G8 science ministers endorse open access

Science ministers from the G8 group of the world’s richest countries have jointly endorsed the need to increase access to publicly-funded research.

June 13, 2013

In a joint statement proposing “new areas” of scientific collaboration for the countries, the ministers say they “recognise the potential benefits of immediate global access to and unrestricted use of published peer-reviewed, publicly funded research results”.

“We share the intention, therefore, to continue our cooperative efforts and will consider how best to address the global promotion of increasing public access to the results of publicly funded published research including to peer-reviewed published research and research data,” the statement says.

The document follows the first-ever joint meeting of G8 science ministers, held at the Royal Society in London on 12 June, and precedes next week’s G8 summit in Northern Ireland.

As well as the comments on open access, the statement highlights “global challenges” that require international scientific collaboration, how countries should work together to improve research infrastructure and how to make scientific data more accessible.

Meanwhile, in a separate development William Hague, the UK foreign secretary, and US Secretary of State John Kerry have unveiled a new UK-US initiative to improve international cooperation between universities.

Launched at a joint press conference in Washington on 12 June, the UK-US Global Innovation Initiative will support university collaboration between the UK, US and emerging nations over the next five years.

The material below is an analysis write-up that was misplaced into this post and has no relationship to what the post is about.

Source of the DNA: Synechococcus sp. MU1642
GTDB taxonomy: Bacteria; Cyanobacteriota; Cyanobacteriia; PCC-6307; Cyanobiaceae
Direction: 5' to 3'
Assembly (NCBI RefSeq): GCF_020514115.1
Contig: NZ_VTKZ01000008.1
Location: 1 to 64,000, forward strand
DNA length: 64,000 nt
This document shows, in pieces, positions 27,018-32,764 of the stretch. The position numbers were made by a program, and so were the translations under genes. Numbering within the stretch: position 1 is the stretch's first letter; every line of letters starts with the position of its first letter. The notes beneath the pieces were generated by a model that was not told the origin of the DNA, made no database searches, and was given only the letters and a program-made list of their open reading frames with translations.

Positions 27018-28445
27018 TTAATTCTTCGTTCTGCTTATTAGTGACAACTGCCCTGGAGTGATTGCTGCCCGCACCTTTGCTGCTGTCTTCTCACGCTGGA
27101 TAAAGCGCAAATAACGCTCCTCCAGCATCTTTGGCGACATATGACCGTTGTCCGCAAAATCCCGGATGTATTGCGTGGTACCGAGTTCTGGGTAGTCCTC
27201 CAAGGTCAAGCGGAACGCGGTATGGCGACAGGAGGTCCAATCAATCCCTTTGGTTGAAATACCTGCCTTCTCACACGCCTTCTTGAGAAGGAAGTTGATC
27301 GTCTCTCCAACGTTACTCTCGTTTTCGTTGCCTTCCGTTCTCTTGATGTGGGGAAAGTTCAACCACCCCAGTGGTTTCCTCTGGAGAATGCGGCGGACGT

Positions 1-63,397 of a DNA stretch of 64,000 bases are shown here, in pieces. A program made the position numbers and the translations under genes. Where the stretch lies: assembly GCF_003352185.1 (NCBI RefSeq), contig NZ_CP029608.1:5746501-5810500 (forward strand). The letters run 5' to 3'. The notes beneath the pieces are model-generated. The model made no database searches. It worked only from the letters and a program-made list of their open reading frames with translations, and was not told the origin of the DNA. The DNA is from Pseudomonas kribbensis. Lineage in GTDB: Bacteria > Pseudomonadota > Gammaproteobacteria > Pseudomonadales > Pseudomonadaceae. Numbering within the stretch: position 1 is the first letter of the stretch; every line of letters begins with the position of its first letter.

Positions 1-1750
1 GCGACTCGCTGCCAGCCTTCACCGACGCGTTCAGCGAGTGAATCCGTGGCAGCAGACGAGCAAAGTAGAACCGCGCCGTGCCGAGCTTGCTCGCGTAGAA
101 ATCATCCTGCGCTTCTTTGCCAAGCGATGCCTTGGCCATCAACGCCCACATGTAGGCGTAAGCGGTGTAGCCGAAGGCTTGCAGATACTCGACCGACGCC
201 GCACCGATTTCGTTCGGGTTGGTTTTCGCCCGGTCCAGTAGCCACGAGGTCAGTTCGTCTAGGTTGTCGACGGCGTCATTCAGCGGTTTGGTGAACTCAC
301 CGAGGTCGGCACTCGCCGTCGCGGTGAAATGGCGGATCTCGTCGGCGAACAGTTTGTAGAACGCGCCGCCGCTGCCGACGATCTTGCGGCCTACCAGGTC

It will aim to establish up to 40 trilateral partnerships, involving 120 universities worldwide, in its first year and up to 200 partnerships over the five-year period.

Funding will come from the State Department in the US and the Department for Business, Innovation and Skills and the British Council in the UK.

The scheme follows Barack Obama’s visit to London in 2011 when the US president expressed his desire for more student and staff exchanges between US and UK universities.

Details of the new initiative will be announced in October when the first call for proposals is made, with the first grants to be awarded in early 2014.

jack.grove@tsleducation.com

You've reached your article limit.

Register to continue

Registration is free and only takes a moment. Once registered you can read a total of 3 articles each month, plus:

  • Sign up for the editor's highlights
  • Receive World University Rankings news first
  • Get job alerts, shortlist jobs and save job searches
  • Participate in reader discussions and post comments
Register

Have your say

Log in or register to post comments

Featured Jobs

Most Commented

Worried man wiping forehead
Two academics explain how to beat some of the typical anxieties associated with a doctoral degree
A group of flamingos and a Marabou stork

A right-wing philosopher in Texas tells John Gill how a minority of students can shut down debates and intimidate lecturers – and why he backs Trump

A face made of numbers looks over a university campus

From personalising tuition to performance management, the use of data is increasingly driving how institutions operate

students use laptops

Researchers say students who use computers score half a grade lower than those who write notes

As the country succeeds in attracting even more students from overseas, a mixture of demographics, ‘soft power’ concerns and local politics help explain its policy